It’s the biggest issue in town.
No one could have foreseen that the opening of a strip club would overshadow the closure of Marks and Spencer.
But the debate in Kirkcaldy is already going strong, and remarkably remains good natured; a testament to those on both sides.
The protesters say it exploits women. The dancers, seven of them male, may disagree.
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The idea of a lap dancing club in Kirkcaldy isn’t a new one though. In the late 1990s what was then known as Department S on the west end of the High Street launched a similar endeavour, but it was short-lived and closed down.
For those who have lived in Edinburgh for any length of time walking past a strip club is just an everyday occurence. You know it’s there, but it’s not your scene, so you keep walking. The vast majority of revellers aren’t interested in going to a strip club, but those that do will likely spend a lot of money, which is astonishing in itself. Few men would say their employer gives them a decent wage when the paycheque comes in, but a strip club-goer will likely spend close to or more than £100 on a visit. And at the end of the night he’ll walk out with nothing.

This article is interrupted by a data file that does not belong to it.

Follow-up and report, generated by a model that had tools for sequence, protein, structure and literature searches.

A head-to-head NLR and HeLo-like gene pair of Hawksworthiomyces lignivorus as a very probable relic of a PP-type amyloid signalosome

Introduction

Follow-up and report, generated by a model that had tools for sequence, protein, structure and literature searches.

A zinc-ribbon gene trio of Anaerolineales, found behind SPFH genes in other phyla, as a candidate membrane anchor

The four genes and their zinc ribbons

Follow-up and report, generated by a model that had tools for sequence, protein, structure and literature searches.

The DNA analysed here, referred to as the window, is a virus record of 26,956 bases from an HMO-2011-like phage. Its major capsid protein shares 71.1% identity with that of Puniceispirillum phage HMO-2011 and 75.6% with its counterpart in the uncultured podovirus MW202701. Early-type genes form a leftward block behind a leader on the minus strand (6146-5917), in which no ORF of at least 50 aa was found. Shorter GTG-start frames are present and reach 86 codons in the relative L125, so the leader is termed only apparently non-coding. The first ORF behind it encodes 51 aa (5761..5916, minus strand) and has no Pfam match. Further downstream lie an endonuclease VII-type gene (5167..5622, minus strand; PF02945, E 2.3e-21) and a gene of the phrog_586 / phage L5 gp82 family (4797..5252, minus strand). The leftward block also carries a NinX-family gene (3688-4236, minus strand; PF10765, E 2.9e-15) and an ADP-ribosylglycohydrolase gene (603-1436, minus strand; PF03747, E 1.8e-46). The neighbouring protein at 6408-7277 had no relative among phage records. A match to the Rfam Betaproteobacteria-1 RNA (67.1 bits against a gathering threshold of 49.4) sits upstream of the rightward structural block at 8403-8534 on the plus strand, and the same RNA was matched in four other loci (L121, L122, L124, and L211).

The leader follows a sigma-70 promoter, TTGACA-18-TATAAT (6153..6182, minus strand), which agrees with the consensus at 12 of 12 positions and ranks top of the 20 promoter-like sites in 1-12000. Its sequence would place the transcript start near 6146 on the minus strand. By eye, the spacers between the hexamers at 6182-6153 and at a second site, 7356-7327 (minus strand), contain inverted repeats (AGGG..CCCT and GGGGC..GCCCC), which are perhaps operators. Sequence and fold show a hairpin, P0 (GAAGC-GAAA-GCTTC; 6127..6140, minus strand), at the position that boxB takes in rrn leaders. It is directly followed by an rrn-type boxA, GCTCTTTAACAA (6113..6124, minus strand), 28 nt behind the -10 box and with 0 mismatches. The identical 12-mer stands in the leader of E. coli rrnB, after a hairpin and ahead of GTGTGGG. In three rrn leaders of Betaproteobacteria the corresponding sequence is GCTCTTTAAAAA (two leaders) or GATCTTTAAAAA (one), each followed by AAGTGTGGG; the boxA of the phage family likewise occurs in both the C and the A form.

In his mind he has the power to make her dance just by laying money down. In the dancer’s mind, she can make him part with a large portion of his hard-earned cash almost at will.
Lap dancers are essentially selling the illusion of power to those that wish to go there. Is that exploitation? There’s debate to be had there.
Most of us won’t be interested, and there are those who see it in the context of ‘live and let live’. They feel that if the dancers, both male and female, choose to work there and are safe and well-paid, then they don’t care. Others feel strip clubs are dated and belong in the past.
Clearly this debate isn’t over, but it will be interesting to see if there really is demand among men AND women when the club opens.